The pandemic has hit most of us in many different ways, for younger people the impact has been dramatic. A survey has found that more than 40 per cent of young people aged 16-24 say they are putting their career or education plans on hold until the pandemic is over.
The research, commissioned by BAE Systems to mark National Apprenticeship Week, looks at the impact the pandemic has had on the ‘lost generation’ and their career aspirations.
New research commissioned by BAE systems, a provider of defence, aerospace and security solutions, has revealed the impact of the pandemic on young people and their careers – with over 40 per cent saying they plan to put their career or educational plans on hold until the pandemic has passed.
It’s clear that coronavirus has negatively impacted this group with over a fifth (21 per cent) saying they are now even more confused about their career path.
A further fifth (20 per cent) aged between 16-24 said the industry they wanted to work in has been deeply impacted by COVID-19.
When questioned about their motivation when it comes to a job, a main priority for young people was continuous learning and the chance to continue to develop their skills (31 per cent).
The top motivating factor for young people was a good salary with two-fifths of respondents (41 per cent) saying this was important to them.
However, they also said job stability and routine (30 per cent) and a career that is future-proofed (25 per cent) is as important to them.
In light of National Apprenticeship Week, almost two thirds (63 per cent) said they have or would consider an apprenticeship, of which, four in ten (41 per cent) cited gaining experience in the working world as a key driver.
Richard Hamer is Education and Skills Director at BAE Systems, he told us………
“It’s clear that currently, the path for young people looking to enter the job market is extremely tough. The ramifications of the Covid-19 pandemic are far reaching and have left students with greater uncertainty about their future. That’s why it’s important that those of us who can, must continue to create new opportunities for young people, working hand in hand with the Government and wider industry, to make available options known to young people.”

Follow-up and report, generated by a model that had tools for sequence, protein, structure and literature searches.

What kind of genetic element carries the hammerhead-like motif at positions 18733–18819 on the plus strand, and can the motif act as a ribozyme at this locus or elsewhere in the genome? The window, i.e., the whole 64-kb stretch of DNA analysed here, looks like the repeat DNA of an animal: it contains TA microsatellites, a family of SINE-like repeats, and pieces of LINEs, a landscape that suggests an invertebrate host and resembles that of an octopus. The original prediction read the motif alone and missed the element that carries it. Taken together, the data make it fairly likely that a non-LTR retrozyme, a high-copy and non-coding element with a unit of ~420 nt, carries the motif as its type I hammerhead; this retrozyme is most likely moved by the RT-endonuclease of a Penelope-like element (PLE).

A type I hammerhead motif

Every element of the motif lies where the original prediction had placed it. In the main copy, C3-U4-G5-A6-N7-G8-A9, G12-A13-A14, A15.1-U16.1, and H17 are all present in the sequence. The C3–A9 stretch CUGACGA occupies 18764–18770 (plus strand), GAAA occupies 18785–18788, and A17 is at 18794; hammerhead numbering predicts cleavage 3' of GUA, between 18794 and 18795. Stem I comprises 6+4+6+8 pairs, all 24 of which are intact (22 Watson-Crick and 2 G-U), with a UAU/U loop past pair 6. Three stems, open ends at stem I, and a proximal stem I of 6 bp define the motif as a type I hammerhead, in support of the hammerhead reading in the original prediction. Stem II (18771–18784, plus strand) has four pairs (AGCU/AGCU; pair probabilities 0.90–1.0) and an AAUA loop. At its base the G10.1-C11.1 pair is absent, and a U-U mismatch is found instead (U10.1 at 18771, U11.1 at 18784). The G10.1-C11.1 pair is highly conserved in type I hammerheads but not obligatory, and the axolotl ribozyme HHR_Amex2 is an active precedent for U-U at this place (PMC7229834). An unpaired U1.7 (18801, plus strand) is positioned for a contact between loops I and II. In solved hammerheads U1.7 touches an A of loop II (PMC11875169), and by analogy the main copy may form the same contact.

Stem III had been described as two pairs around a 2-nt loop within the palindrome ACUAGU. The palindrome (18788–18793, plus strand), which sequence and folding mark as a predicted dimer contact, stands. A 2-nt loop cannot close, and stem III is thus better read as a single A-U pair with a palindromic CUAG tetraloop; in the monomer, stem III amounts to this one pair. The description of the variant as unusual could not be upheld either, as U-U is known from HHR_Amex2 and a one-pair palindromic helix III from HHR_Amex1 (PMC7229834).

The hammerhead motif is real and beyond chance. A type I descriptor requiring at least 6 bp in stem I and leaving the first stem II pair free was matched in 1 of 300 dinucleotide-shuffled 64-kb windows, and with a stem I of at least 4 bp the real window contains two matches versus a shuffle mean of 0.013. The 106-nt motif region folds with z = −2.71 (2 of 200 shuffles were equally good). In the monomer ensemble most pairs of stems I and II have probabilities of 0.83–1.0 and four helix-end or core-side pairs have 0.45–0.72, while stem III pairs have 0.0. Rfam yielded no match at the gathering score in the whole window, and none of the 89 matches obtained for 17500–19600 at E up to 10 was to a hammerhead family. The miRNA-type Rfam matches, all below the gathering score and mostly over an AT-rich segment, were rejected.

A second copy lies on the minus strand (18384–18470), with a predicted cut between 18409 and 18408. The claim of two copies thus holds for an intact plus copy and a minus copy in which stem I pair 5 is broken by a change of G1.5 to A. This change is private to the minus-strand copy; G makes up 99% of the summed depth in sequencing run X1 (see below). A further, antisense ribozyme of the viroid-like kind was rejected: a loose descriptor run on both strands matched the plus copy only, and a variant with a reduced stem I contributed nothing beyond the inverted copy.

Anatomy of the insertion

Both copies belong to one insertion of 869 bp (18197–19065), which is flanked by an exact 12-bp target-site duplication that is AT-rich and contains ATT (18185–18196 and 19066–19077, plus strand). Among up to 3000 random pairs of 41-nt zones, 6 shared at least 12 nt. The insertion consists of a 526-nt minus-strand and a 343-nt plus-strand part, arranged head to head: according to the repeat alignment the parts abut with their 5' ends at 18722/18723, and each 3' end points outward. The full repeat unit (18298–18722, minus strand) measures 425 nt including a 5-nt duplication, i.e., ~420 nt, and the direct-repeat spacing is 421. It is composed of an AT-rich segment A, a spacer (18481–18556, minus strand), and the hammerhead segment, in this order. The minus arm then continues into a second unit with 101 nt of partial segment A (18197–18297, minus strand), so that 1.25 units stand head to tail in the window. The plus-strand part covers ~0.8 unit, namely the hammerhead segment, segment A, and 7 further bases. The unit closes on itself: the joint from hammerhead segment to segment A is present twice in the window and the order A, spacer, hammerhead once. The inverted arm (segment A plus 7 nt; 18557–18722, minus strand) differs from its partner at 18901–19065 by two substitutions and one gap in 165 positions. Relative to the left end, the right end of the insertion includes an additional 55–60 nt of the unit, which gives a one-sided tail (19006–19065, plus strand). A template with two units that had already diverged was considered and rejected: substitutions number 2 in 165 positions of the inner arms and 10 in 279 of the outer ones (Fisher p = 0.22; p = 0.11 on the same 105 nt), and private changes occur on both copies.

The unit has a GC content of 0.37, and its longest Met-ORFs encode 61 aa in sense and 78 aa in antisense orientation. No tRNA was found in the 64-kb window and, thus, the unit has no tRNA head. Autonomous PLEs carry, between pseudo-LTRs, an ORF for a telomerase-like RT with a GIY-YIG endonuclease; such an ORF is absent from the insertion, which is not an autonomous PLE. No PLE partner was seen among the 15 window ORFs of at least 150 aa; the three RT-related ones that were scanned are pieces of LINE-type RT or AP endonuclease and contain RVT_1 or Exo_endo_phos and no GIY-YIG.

“Apprenticeships play a significant role, providing people with the necessary skills to work in highly specialised and technical industries. Through on-the-job learning of practical skills, the opportunity to work alongside industry professionals and the provision of support at every step of their training, apprenticeships can offer an entry into a long-term and successful career.“
We spoke to Richard Hamer and Kit Chew who is a final year engineering degree apprentice in air services.
There is some good here in South Wales. A housebuilder which is providing new homes near Radyr has teamed up with an electrical contractor to train 10 apprentice electricians at its new site.
CR Electrics, which is based in Gwaelod-y-Garth and works across South Wales, is supporting the apprentices at Bellway’s Rhiwlas at Plasdŵr, a new development of 120 homes off Llantrisant Road.
The apprentices are part of a scheme by work-based learning provider JTL, attending college once a week, with the other four days spent gaining work experience on site with CR Electrics.
Sales Manager for Bellway Wales, Daniel Shone told us…..
“At Bellway we offer a wide range of opportunities for apprentices as it enables us to take an active role in shaping the company’s future workforce.
“We are working with CR Electrics to ensure quality training for young people in the area at our Rhiwlas site.
“Apprenticeships offer invaluable opportunities for those looking to learn new skills to go on and enjoy fulfilling careers, and we’re proud Bellway is part of the 5% Club, which comprises companies aiming to have five per cent of their workforce in ‘earn and learn’ positions.”
Nathan Smith is the Managing Director of CR Electrics, he said………
“Apprenticeships are an excellent way forward for young people in the area, as the construction industry continues to grow every year.
This type of training provides a wage, work experience and learning through local colleges once a week. Once qualified, apprenticeships will allow young people to utilise skills they can further develop throughout their career and take different paths.
I went to university, and although I am happy with the route I took, looking back I think I should have gone straight into work placed learning. I don’t think schools pushed skilled apprenticeships enough when I was in school, and I’m not sure if they do these days. If 16-year-olds finishing school aren’t wanting to follow further education and they enjoy working with their hands I would definitely recommend this route!”